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 The Sticking Point Science Page
Calculating the Distance for One Turn of the Knife
Submitted by: Tim Valentine

This method of calculating the distance for one turn of the knife has worked for the author using the professional style with the handle throw. A day with the video camera and some freeze frame viewing produced results that allowed the author to achieve several seven turn (that's right 7) throws at 53.5 feet only minutes after setting up a calculated, measured course. Just for the curious, both a 12" Blackjack and a 10.5 " Blazing Arrow were used at the same distance for seven turns.

 Assumptions - You will use the Professional style of throwing (i.e. no leading steps). This method could be used for sport style throwing although the arm and lean distance would be greater, perhaps 3.0 to 3.5 feet. Prerequisites - You must know the distance to your toe mark for the point at which you achieve a high rate of success for a two turn throw with a given knife. This will be the basis for all following calculations. It is by trial and error that the two turn throw was found to mitigate any abnormalties in throwing the one turn throw such as flipping the wrist, holding back on velocity (because of closeness), etc.

Through the use of video recording and freeze frame viewing, observations have been made determining the knife generally leaves the hand in a vertical attitude with the point straight up. The distance is generally two feet in front of the toe mark.

This means that the knife will travel the toe mark distance minus two feet and make 2.25 turns to strike the target in a horizontal attitude point first. This is all we need to calculate the toe mark distance for a throw of any number of turns.

For a two turn throw, using the knives mentioned above, I put my right toe (sorry I'm left-handed) at 18 feet from the target. Subtract the two foot reach distance and you have 16 feet from the target. The knife leaves my left hand in a vertical point up attitude spinning 2 and a quarter turns before sticking the target. Therefore, dividing the 16 feet of total travel by the 2.25 turns taken, results in a one turn distance of 7.1 feet. now just add 7.1 feet to the 18 feet distance for each additional turn to find the distance for that number of turns. Subtract 7.1 feet to find the distance for one turn.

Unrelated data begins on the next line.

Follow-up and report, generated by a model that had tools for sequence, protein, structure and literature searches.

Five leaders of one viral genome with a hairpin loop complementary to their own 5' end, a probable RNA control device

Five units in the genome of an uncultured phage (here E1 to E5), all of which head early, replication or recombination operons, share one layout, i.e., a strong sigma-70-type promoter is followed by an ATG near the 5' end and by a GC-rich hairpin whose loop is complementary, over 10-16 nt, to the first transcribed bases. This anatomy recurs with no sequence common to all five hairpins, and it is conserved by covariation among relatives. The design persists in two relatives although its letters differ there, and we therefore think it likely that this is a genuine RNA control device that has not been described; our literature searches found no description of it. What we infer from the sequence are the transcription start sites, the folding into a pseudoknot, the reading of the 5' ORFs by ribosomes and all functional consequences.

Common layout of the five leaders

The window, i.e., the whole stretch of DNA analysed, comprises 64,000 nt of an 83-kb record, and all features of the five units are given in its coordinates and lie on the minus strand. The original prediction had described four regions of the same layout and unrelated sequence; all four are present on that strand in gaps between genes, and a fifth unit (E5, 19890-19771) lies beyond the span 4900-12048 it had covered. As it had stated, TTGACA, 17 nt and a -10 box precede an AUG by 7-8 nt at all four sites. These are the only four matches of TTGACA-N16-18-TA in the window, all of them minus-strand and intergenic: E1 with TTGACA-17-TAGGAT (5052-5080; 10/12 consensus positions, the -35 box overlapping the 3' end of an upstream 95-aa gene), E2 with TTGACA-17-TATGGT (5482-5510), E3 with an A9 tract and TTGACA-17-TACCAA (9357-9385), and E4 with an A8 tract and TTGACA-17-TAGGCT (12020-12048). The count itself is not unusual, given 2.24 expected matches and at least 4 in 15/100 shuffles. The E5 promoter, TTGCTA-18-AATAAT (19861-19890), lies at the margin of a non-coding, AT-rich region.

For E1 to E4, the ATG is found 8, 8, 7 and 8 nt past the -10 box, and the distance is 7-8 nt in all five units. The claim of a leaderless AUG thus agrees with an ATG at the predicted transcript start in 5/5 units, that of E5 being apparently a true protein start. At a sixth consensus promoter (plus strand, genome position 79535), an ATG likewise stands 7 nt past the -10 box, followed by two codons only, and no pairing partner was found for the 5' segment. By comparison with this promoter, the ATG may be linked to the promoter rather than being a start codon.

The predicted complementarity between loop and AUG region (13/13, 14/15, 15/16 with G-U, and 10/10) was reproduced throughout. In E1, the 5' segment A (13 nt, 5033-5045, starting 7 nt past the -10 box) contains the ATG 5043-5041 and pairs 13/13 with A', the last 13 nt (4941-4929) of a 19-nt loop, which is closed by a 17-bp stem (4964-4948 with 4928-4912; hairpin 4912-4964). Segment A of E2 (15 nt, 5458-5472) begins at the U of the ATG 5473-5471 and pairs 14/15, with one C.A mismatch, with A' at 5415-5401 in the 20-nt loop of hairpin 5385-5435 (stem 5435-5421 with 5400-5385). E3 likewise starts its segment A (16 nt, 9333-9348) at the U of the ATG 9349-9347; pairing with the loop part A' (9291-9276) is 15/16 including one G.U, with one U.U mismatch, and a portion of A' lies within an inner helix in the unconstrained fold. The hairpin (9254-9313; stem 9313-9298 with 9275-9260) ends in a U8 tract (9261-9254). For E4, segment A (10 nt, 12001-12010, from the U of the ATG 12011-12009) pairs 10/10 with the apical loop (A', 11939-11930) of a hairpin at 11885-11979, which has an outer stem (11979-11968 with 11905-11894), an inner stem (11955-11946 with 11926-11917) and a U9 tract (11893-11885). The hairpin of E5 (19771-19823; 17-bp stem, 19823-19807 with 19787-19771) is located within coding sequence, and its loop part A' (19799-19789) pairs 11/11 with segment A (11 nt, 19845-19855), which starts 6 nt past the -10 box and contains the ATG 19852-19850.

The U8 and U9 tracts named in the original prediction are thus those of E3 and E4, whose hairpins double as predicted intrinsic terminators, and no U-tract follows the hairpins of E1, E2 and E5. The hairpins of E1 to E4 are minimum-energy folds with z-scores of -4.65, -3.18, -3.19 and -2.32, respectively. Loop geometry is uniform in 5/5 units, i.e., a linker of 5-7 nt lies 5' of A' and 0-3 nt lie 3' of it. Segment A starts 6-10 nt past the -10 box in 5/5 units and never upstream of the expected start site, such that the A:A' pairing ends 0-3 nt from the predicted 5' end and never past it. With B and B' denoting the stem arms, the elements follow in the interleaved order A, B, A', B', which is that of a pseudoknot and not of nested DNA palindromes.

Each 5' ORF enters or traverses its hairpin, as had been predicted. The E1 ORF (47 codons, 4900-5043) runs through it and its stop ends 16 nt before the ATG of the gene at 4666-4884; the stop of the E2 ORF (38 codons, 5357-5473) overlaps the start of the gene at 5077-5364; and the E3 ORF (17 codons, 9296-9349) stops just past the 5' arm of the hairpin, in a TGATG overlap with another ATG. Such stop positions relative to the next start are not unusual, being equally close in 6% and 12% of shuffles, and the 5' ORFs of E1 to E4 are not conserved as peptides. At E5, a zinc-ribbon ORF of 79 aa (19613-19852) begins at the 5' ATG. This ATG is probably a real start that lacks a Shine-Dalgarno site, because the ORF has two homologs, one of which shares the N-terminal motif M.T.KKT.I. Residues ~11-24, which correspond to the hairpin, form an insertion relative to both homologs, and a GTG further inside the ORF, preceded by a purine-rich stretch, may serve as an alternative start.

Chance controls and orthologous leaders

For the mathematically curious, the formula is:

(toe distance - reach distance) / (turns + 0.25) = distance per turn

or for my example:
(18 - 2) / (2 + 0.25) = 7.1

The following chart is the turn and distance range I have laid out using this method of calculation.

 Number of turns Distance from target 1 10.9 2 18.0 3 25.1 4 32.2 5 39.3 6 46.4 7 53.5 8 60.6 9 67.7 10 74.8

Theoretically, you should shorten these distances the further away from the target you get. This compensates for the arc of the trajectory the knife will inevitably travel. I have no method to determine this shortening so you must experiment with that variable. These distances seem to be quite close as computed.

Of course your style, force and knife will undoubtedly result in different distances, but the method of determining these distances should work for anybody for handle or blade throwing.

If you should try this method, I would appreciate your results and opinions. Email me at comlogic@commonlogic.com

Last updated 04/12/99